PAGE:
“Even though I’m Cuban, I’m really an American arranger,” he reflected. “Because the way I write has as much to do with American music as it does with Cuban music. And at the same time it has to do with the fugue.”
The quote comes from legendary pianist, arranger, and composer Bebo Valdés, who died last week at 94. As an early developer of the mambo, Valdés shaped what we now think of as Cuban music. He introduced the batá, a two-headed drum used in Yoruba and Santería religious ceremonies, into Cuban popular music; he was the house pianist at the Tropicana during the club’s heyday; and he won three Grammys and six Latin Grammys. His son is the renowned pianist Chucho Valdés, who played at UT in the fall.
But, as the above quote suggests, Valdés also illustrates the sophistication and complexity of Cuban popular forms, and their intimate connections to African-American music. Bebo devoured jazz and blues, and he was well aware that he played in a tradition that, in turn, had shaped those forms: the cinquillo, tresillo, and tango rhythms that animated Cuba’s contradanzas had long since filtered up through New Orleans, becoming the “Spanish tinge” that Jelly Roll Morton said was an essential element of black music in the US.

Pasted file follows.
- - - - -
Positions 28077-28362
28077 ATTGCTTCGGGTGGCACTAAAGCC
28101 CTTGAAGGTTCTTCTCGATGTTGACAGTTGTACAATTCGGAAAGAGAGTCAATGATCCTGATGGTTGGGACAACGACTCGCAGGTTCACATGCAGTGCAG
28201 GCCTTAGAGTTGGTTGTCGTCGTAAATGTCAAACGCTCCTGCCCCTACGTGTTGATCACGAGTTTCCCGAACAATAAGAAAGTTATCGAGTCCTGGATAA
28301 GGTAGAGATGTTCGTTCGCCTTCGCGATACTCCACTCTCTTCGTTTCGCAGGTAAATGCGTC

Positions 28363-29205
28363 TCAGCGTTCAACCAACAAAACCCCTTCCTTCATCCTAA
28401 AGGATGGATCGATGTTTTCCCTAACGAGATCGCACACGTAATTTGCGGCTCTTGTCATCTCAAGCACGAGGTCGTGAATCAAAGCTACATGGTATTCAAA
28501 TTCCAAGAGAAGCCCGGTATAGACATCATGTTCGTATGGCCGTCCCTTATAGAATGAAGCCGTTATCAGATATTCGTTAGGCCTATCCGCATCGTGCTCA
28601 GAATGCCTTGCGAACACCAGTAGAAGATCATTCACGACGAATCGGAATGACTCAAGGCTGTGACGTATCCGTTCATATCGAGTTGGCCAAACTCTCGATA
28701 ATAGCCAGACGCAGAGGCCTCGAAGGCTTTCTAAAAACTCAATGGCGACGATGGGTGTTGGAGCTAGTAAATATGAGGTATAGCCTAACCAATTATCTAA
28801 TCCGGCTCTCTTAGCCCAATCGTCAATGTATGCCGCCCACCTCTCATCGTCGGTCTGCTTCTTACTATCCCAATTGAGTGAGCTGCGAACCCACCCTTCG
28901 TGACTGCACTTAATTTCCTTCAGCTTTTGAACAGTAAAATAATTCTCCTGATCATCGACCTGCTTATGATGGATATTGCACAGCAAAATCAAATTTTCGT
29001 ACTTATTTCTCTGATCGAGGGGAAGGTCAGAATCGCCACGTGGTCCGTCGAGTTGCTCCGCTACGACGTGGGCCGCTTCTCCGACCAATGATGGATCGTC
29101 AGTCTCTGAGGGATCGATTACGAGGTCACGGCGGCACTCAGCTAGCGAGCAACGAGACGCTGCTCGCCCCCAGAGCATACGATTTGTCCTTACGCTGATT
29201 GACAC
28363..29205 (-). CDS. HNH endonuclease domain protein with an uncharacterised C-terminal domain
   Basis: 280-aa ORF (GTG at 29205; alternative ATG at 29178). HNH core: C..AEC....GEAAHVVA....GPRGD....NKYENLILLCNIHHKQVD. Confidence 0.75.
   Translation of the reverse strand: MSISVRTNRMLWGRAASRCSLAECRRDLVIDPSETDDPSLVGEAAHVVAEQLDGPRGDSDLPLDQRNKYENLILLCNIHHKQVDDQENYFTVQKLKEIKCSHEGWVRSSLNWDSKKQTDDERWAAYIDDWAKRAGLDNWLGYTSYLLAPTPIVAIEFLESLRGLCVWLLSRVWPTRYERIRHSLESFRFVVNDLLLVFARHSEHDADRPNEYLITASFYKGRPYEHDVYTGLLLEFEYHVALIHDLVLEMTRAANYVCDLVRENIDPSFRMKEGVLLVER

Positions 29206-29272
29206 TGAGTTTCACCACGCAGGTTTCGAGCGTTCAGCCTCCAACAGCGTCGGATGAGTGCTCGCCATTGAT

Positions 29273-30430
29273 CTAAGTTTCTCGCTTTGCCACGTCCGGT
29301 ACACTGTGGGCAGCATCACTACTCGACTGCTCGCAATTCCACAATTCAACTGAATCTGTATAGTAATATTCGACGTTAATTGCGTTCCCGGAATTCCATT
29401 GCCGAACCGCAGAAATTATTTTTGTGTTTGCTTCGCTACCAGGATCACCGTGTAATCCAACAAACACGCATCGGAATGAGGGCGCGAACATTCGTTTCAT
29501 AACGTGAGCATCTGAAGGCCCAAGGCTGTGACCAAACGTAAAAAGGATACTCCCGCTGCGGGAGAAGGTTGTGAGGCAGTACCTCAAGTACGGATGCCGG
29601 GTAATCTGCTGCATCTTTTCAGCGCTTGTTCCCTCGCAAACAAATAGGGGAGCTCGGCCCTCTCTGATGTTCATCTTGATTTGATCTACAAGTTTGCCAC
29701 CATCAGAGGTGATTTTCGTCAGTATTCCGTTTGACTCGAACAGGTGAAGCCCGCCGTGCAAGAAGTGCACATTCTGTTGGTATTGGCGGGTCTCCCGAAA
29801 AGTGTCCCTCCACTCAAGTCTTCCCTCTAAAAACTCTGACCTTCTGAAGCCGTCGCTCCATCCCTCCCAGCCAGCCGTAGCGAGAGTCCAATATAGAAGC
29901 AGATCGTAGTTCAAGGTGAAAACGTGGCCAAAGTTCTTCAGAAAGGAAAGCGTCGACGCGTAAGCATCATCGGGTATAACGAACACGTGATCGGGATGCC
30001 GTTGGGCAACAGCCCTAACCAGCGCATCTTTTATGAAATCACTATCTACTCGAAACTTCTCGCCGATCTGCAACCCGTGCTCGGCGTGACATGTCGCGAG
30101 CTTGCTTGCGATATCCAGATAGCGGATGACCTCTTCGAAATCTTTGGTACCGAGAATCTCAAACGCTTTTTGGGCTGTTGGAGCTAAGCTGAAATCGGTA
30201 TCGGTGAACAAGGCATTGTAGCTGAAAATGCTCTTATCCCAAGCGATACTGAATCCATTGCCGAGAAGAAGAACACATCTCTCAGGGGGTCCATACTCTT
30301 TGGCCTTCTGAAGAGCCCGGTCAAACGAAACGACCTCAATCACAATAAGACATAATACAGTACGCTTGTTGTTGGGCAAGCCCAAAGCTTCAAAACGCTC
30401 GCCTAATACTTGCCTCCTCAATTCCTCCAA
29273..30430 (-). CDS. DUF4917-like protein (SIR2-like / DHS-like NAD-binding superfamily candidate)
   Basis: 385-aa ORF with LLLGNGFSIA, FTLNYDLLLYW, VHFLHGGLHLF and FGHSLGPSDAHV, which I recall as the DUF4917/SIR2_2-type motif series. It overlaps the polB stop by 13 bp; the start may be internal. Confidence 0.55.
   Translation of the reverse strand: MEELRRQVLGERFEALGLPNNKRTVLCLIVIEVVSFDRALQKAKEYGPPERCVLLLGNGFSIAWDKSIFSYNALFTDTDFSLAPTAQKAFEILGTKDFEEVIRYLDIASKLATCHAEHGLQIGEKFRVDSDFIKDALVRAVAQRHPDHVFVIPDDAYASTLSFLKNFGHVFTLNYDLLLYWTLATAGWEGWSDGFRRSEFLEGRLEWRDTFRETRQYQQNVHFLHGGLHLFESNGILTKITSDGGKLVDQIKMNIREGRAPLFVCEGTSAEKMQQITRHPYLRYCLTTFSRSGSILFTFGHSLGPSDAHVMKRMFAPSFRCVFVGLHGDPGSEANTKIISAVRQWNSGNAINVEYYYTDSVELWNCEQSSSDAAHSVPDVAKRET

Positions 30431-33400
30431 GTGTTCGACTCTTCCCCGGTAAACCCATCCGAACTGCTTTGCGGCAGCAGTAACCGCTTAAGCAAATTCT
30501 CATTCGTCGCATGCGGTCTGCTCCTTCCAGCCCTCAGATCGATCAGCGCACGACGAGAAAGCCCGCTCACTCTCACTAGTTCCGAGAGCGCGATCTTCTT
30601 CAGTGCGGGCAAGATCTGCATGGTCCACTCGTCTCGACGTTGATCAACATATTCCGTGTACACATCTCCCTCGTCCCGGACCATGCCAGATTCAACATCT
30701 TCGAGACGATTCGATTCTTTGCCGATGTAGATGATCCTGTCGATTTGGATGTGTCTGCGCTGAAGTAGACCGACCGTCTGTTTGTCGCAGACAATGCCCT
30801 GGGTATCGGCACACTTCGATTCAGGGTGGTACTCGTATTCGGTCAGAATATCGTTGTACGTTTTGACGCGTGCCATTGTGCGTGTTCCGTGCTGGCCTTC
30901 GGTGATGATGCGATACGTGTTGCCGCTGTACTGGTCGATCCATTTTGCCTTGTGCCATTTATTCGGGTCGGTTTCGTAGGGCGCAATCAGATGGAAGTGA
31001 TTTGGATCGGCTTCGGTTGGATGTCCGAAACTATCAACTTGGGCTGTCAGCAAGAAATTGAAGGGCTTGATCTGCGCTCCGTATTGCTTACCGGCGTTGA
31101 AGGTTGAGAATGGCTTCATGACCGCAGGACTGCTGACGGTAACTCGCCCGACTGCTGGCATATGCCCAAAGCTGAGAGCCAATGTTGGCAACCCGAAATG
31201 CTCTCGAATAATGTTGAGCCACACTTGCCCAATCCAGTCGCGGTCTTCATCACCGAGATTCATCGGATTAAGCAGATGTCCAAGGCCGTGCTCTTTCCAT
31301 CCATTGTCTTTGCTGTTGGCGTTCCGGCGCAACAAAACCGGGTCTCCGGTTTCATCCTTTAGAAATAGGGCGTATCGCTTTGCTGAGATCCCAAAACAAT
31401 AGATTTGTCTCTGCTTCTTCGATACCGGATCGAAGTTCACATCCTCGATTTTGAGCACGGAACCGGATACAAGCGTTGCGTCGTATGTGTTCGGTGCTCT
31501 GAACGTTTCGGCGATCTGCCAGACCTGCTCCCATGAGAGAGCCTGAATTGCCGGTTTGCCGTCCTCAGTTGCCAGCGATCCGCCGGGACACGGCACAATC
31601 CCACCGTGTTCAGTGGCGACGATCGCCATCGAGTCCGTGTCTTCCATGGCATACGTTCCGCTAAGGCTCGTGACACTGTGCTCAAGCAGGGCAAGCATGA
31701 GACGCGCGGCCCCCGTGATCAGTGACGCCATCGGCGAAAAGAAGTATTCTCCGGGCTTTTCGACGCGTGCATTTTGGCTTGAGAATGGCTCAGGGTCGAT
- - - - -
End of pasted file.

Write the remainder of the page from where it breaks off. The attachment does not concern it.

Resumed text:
You can see Valdés in Fernando Trueba’s 2000 documentary Calle 54. His obituary is here, but the thing to read about Valdés is this 2006 NY Times profile. The author, Ben Ratliff, just sits back and takes notes while Valdés plays records and talks about them. For example:
“‘I first heard of [Ernesto] Lecuona when I was in conservatory, in 1934,’ Mr. Valdés said. Was his music taught in conservatories then? ‘Oh, no, no,’ he said, surprised by the idea. ‘Only classical. Everything we learned was before Cervantes.’
He was speaking of Ignacio Cervantes, the Cuban composer who died in 1905. A conversation with Mr. Valdés goes this way. You are immersed in about 150 years of Cuban music, stretching from African-derived abakuá chants to contradanzas to boleros to mambo and modern Latin jazz. At the mention of Cervantes’s name, Mr. Valdés sits at the piano and performs all of Cervantes’s short, stately ‘Danza No. 1.’”
It’s an amazing record of what must have been an amazing afternoon, and it’s a fitting memorial to man who meant so much to Cuban popular music.